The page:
August 19, 2014
 
 
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An In-Depth Look at Reiserfs - page 2

Included in the Linux kernel

  • January 22, 2001
  • By Scott Courtney

Here's an example of how this happens: Suppose you have a word processing document, which you open in the application and to which you add some content. If the machine crashes before you save the file, you have lost all your changes but your original file will still be okay. If the machine crashes after you save the file, then you really haven't lost anything except the time it takes to reboot and reload the program. But what happens if the machine crashes during the exact moment when the disk is being written?

The answer is, "Things get very ugly." Since the new version of the file is physically overwriting all or part of the old version, the data can have some of each at the moment the drive stops writing. You end up with a file that you can't open because the internal format of its data is inconsistent with what the application expects.

This gets even worse if the drive was writing the metadata areas, such as the directory itself. Now instead of one corrupted file, you have one corrupted filesystem -- in other words, you can lose an entire directory or all the data on an entire disk partition. On a large system this can mean hundreds of thousands of files. Even if you have a backup, restoring such a large amount of data can take a long time.

Most PC operating systems have no good way to prevent the loss of a single file that was being written during a system failure. Modern systems, such as Linux, OS/2, and NT, however, do make an attempt to prevent and recover from the horrible metadata corruption case. To accomplish this, the system performs an extensive filesystem analysis during bootup. Well-designed filesystems often incorporate redundant copies of critical metadata, so that it is extremely unlikely for that data to be completely lost. The system figures out where the corrupt metadata is, and then either repairs the damage by copying from the redundant version or simply deletes the file or files whose metadata is affected. Losing files this way is bad, but it is much better than losing the whole partition.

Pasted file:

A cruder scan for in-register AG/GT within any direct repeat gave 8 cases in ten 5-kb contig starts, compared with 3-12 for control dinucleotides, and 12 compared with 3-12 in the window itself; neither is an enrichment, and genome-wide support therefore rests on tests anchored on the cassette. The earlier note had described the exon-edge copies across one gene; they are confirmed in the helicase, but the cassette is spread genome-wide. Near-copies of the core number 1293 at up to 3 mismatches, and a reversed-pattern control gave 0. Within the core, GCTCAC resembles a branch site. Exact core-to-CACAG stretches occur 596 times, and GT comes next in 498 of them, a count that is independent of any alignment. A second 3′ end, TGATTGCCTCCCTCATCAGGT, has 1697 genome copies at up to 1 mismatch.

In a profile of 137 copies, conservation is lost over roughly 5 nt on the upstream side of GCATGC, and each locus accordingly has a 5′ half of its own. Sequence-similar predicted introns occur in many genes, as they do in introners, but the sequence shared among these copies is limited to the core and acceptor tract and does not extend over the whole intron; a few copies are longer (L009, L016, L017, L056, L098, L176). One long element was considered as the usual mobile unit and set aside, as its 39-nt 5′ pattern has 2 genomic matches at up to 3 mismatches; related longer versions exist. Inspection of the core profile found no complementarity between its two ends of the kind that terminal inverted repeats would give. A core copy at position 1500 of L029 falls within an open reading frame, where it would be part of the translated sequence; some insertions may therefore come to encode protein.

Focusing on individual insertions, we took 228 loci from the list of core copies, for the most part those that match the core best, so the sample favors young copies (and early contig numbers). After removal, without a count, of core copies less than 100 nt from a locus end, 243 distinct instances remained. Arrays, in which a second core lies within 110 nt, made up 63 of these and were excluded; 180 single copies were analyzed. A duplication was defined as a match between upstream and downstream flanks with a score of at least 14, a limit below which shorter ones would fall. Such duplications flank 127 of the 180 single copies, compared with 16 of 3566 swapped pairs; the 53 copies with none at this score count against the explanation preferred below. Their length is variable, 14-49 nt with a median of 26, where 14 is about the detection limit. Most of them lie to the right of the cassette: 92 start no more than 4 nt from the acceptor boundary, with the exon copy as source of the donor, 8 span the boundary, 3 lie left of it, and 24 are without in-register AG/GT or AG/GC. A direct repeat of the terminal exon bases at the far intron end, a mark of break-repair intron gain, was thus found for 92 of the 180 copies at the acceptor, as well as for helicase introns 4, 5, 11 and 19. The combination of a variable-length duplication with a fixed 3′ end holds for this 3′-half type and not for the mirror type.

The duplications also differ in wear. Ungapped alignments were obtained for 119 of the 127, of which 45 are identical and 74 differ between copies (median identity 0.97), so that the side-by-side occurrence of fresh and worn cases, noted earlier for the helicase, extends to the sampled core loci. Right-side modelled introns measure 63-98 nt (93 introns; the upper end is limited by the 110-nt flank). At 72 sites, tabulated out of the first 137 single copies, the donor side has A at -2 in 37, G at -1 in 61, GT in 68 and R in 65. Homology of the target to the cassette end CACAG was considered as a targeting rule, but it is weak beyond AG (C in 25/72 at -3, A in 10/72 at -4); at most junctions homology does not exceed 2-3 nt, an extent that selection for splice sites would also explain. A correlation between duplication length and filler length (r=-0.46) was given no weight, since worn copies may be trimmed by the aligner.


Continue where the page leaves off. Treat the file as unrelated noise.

Unfortunately, such an extensive diagnostic analysis requires a great deal of time. Even on a very fast PC, a large and heavily-used partition can require several minutes to check. Most of the time, however, the check is not really needed because the system was shut down normally, without a sudden crash. To prevent unnecessary delays, the operating system's normal shutdown process puts a status flag on the filesystem as it is unmounted, marking it as a "clean" filesystem. If a crash happened, the system never has the chance to mark the filesystem as "clean" and the bootup process knows that it needs to run the extensive filesystem tests just to be safe. A filesystem that has not been shut down cleanly is called, appropriately enough, a "dirty" filesystem.

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